MORE than 300 people joined forces to call for an end to the controversial dumping of dredged material at Whitsand Bay.
Campaigners, councillors and families came together at Rame Head, near Torpoint, on Saturday for the protest.
Contractors, working on behalf of the Ministry of Defence, have dumped dredged material from Devonport Royal Naval Base and surrounding locations at the site for years.
An application for another two-year licence to keep dredging and dumping has now been lodged with the Marine Management Organisation (MMO), which said it is under consideration.
The present dumping site at Rame Head is just 700 metres south from a recently-designated Marine Conservation Zone (MCZ), which was declared as a protected zone on November 21.
Deb Hoskin, a mother of three of Millbrook, organised the protest.
Mrs Hoskin said: "The demonstration has definitely put pressure for something to be done about the dumping.
"So many people turning up has made it a focal point.
"If the dumping is stopped I won't have to be scared for my children.
"There were people across all ages and about 50 young people, which has shown the community's feelings towards dumping.
"That area needs to be a protected area because of the sealife within it, such as corals and sea anemones."
Six councillors from the surrounding areas attended the protest and have asked for an urgent meeting with the Conservative Environment Minister, MP George Eustice, to ask him to reconsider dumping at the site.
The councillors that attended the demonstration included Cornwall councillor for West Looe Edwina Hannaford, Cornwall councillor for East Looe Armand Toms and Cornwall councillor for Trelawny Jim Candy.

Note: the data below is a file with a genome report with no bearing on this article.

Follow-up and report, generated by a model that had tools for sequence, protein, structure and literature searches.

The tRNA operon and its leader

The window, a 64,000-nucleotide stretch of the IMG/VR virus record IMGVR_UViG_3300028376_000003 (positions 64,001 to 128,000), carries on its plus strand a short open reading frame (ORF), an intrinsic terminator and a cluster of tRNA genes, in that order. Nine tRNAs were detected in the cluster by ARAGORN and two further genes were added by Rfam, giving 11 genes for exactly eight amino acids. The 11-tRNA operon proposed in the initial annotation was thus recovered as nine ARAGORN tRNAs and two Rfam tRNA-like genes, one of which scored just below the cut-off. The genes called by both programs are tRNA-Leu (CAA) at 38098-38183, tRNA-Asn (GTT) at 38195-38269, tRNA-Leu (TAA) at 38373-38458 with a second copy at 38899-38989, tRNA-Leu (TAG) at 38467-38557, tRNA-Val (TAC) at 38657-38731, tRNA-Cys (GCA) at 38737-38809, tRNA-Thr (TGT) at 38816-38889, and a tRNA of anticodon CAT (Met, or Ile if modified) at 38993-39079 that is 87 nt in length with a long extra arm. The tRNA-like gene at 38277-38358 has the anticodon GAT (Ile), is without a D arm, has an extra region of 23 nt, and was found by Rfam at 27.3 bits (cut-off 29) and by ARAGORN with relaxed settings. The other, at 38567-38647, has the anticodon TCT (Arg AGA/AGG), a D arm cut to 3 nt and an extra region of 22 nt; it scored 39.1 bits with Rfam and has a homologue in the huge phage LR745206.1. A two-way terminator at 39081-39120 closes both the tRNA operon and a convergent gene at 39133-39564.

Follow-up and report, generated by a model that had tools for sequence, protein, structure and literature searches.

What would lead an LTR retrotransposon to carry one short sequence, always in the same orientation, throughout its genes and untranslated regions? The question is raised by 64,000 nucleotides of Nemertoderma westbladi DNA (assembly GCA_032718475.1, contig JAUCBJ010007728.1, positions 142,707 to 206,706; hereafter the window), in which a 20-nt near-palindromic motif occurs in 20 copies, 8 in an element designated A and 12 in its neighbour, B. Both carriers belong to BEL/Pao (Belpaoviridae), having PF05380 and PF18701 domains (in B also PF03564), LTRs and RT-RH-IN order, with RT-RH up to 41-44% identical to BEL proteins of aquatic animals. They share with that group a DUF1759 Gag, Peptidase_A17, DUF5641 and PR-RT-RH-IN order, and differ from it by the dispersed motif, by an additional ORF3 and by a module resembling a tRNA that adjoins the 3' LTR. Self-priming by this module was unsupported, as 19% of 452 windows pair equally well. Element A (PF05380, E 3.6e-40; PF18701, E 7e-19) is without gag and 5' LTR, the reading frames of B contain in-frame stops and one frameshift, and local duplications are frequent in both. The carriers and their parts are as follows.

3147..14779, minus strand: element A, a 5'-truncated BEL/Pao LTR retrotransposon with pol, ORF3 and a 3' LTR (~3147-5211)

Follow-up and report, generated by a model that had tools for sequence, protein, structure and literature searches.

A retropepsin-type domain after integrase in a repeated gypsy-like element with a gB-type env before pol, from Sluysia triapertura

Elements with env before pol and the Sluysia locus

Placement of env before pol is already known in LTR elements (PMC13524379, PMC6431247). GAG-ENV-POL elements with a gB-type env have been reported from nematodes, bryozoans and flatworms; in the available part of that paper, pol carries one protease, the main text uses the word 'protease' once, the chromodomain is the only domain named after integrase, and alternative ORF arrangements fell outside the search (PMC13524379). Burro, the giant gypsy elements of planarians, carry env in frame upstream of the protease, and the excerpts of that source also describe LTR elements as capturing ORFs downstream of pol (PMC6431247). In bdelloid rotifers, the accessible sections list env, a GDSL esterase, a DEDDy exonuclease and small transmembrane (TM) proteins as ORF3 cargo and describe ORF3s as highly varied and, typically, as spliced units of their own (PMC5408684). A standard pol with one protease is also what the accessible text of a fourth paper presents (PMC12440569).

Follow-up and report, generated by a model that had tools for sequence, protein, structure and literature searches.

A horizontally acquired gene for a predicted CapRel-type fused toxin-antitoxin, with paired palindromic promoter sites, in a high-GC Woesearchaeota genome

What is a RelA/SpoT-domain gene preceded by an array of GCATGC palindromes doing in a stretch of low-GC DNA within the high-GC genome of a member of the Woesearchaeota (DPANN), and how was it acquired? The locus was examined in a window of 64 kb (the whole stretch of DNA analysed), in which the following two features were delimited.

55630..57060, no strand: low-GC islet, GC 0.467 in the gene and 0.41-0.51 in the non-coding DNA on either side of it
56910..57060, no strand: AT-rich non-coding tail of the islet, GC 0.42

The area down to Looe Bay was last year designated as an MCZ, and Mrs Hannaford said: "We are calling on the MMO to delay the approval of the latest application to dump until the full impact of dredged materials on the newly designated Looe Bay Marine Conservation Zone has been properly assessed."
Mr Toms said: "Although we both accept that maintaining the operational effectiveness of Devonport Dockyard is important, we are concerned about the environmental impacts."
Up to 337,000 tonnes of dredged material will be dumped off Rame Head over the next two years, if the licence is granted.
Six million tonnes of waste has been dumped off Rame Head so far. Around 100 years ago it was used as ammunitions dump site.
A safer site has been identified about half a mile further out to sea.
Environmental groups including the Rame Peninsular Beach Care Group (RPBCG) joined the campaign.
The Stop Dumping at Whitsand Bay campaign manager, David Peake said: "Around 300 people formed a line and stood up for Whitsand Bay.
"The protest should be noted by decision-makers.
"The toxic silt contains elevated levels of contaminants, which is having a negative effect on wildlife, particularly the seabed habitat and the sea reefs.
"The bay has had enough and it's time to rethink dumping there as there are alternatives."
A spokesman for the MMO said: "Disposal of dredged material at sea is a last resort and strictly controlled.
"It is only permitted where no alternative means of disposal is practical and as part of the application process applicants must demonstrate they have explored other alternatives.
"An application has been made to dispose of material at the Rame Head site, which we are currently considering.
"We must ensure our decisions are made in line with relevant laws and based on the best available evidence, as is required by legislation."